Armond White Movie Review of Billy Woodberry’s film “Bless Their Little Hearts” (QUOTE from the book “The Resistance: Ten Years of Pop Culture That Shook The World”)

 

3) Armond White Movie Review of director Billy Woodberry film BLESS THEIR LITTLE HEARTS           -1984-

 

 

Billy Woodberry — Director of film “Bless Their Little Hearts”

 

“Most filmmakers have to contrive an adventure: Billy Woodberry

 

 is automatically at the center of one.  As a Black independent producer, director and editor, the thirty-six-year-old Billy Woodberry–whose film Bless Their Little Hearts, begins a two-week run December 12 1984 at the Film Forum–had to secure funds, make creative decisions, and still break new ground.” 

“Like it or not, the latter is a contemporary Black filmmaker’s natural burden.   The task of creating a new world on screen becomes an inherent obligation when depicting the experience of working-class Black Americans.  What this lifestyle–usually overlooked by movies – – requires is at least equal to the demands of creative fantasy that, for instance, the ballyhoo for Dune describes for director David Lynch.”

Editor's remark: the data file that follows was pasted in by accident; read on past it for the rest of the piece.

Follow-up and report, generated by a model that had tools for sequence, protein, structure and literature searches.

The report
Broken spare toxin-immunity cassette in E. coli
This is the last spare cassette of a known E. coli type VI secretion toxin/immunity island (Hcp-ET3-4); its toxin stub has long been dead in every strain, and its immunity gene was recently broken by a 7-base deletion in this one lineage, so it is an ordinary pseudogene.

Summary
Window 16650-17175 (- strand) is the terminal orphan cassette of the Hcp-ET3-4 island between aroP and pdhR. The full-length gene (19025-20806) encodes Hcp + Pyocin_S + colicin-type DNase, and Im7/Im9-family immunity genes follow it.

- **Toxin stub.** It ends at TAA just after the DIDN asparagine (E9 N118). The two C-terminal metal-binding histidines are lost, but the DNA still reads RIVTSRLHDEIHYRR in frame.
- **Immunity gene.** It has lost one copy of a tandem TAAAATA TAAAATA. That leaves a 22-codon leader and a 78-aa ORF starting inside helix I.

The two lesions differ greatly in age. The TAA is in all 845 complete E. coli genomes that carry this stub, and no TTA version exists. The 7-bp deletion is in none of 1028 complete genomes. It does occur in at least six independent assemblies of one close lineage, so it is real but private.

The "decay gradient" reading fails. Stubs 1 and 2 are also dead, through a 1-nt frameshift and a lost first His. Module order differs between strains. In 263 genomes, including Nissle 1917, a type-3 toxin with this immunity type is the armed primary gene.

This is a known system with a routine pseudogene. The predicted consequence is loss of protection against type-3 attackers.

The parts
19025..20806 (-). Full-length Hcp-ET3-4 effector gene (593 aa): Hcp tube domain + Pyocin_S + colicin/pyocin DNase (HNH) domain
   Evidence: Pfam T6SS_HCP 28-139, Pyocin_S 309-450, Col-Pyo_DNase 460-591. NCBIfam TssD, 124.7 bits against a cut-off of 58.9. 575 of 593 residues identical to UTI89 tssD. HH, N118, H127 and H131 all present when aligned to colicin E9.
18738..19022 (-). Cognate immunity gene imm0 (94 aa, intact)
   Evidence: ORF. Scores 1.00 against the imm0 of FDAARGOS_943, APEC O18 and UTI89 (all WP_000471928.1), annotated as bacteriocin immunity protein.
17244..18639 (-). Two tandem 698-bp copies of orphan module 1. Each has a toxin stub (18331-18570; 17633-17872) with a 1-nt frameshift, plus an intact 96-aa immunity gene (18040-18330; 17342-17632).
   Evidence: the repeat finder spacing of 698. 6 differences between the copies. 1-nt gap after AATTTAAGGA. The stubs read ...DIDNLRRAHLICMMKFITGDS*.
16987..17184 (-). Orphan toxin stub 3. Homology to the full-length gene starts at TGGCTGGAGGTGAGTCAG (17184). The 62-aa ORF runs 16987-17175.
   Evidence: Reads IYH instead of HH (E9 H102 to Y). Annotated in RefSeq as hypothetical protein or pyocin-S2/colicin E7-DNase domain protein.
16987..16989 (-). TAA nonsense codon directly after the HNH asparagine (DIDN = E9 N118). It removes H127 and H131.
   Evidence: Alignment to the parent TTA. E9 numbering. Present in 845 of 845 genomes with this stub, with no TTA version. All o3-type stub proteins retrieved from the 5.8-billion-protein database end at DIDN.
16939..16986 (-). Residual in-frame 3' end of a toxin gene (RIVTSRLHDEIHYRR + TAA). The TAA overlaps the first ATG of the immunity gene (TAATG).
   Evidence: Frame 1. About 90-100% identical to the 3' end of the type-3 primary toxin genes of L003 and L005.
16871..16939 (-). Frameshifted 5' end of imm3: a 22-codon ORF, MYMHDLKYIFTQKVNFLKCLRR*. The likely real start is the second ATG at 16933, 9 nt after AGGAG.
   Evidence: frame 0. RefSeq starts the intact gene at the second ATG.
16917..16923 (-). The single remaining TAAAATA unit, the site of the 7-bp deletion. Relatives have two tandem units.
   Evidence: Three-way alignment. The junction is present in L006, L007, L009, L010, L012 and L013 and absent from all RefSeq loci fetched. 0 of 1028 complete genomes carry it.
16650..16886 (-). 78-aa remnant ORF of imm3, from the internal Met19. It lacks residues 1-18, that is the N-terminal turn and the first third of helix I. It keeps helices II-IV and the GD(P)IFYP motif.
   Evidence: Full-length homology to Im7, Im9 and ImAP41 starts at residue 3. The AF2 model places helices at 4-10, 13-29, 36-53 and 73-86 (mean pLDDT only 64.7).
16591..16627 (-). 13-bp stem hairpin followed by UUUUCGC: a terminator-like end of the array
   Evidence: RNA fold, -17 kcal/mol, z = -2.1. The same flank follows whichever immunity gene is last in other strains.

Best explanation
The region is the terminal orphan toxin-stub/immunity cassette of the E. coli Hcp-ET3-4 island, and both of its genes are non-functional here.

“Yet, a serious-minded Black filmmaker must also convey his/her subject with force, credibility, and above all, interest.”

“From its very first frames, Bless Their Little Hearts is dominated by this imperative, It’s as if an onscreen voice were whispering entreaties into the ears of Billy Woodberry and his screenwriter, Charles Burnett.”

“Set in Watts, the film shows how Charlie Banks (Nate Hardman), a young father and husband, becomes disoriented from his life and family when a stretch of unemployment goes long-term.  This primal working-class dilemma has an unexpected, almost…”

“While watching this film, one realizes that a good part of Billy Woodberry’s endeavor involved starting from scratch and finding a tone and a look to effectively convey his characters’ lifestyles.  In choosing a method between documentary and the stylization of theater, a filmmaker is always forced with the possibility of everything going wrong and the hope that some of his decisions will be right.   That’s truly adventurous, truly scary…”

 

To read more of Armond White’s take on Billy Woodberry’s film Bless Their Little Hearts, purchase a new or used copy of The Resistance: Ten Years Of Pop Culture That Shook The World.

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